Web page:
Tonight’s topic among others: Connection troubles and Daniel is holding a meeting and what is a Job? Acts of God acts of State.
job (v.) 1660s, “to buy and sell as a broker,” from job (n.). Meaning “to cheat, betray” is from 1903. Related: Jobbed; jobbing.job (n.) 1550s, in phrase jobbe of worke “piece of work” (contrasted with continuous labor), of uncertain origin, perhaps a variant of gobbe “mass, lump” (c. 1400; see gob) via sense of “a cart-load.” Sense of “work done for pay” first recorded 1650s. Thieves’ slang sense of “theft, robbery, a planned crime” is from 1722. Printing sense is from 1795. Slang meaning “specimen, thing, person” is from 1927.
job. (1) A low mean lucrative busy affair. (2) Petty, piddling work; a piece of chance work. [Johnson’s Dictionary]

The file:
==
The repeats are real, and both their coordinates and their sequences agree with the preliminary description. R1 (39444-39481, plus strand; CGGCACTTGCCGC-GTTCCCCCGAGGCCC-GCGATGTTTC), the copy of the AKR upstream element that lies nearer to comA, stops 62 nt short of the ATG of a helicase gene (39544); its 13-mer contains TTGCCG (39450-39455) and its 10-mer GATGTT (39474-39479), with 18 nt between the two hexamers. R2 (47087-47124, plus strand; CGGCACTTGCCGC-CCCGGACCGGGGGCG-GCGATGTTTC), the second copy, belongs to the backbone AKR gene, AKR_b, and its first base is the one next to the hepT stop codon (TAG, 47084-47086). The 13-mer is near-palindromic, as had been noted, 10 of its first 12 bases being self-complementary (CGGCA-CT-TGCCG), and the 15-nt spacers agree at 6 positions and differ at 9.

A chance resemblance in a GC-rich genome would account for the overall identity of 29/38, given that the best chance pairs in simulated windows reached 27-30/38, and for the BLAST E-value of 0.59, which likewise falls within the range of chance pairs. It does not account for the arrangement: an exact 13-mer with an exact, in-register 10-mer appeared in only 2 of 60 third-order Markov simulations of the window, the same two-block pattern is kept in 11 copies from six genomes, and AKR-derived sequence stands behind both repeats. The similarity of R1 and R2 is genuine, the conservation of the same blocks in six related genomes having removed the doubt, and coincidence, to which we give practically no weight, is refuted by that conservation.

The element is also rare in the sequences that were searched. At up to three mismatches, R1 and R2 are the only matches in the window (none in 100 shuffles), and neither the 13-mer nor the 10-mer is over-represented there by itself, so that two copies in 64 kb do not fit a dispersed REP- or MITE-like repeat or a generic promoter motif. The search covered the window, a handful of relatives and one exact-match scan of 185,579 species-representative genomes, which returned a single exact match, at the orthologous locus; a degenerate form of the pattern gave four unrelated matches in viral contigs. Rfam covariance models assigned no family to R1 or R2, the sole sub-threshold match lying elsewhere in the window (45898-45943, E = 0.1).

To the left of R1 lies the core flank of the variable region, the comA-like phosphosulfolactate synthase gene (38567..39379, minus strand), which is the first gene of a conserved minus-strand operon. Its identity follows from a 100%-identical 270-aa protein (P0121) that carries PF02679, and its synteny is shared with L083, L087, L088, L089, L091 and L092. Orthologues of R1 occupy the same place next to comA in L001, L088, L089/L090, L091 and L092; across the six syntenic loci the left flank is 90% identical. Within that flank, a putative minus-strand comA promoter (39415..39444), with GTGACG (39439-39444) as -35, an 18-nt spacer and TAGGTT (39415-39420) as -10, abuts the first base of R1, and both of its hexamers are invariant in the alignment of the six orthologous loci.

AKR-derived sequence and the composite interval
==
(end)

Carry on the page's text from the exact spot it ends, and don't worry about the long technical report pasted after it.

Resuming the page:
On the job “hard at work” is from 1882. Job lot is from obsolete sense of “cartload, lump,” which might also ultimately be from gob. Job security attested by 1954; job description by 1920; job-sharing by 1972. Job Biblical masc. proper name, from Hebrew Iyyobh, which according to some scholars is literally “hated, persecuted,” from ayyabh “he was hostile to,” related to ebhah “enmity.” Others say it means “the penitent one.”
Job 1 Wycliffe Bible (WYC)
1 In the land of Uz was a man that was called Job; and that man was simple, that is, without guile, and rightful, and dreading God, and going away from evil.
satisfaction (n.) early 14c., “performance of an act set forth by a priest or other Church authority to atone for sin,” from Old French satisfaction (12c.), from Latin satisfactionem (nominative satisfactio) “a satisfying of a creditor,” noun of action from past participle stem of satisfacere (see satisfy). Senses of “contentment, appeasement” and “action of gratifying” first recorded late 14c.; the former not common before 16c.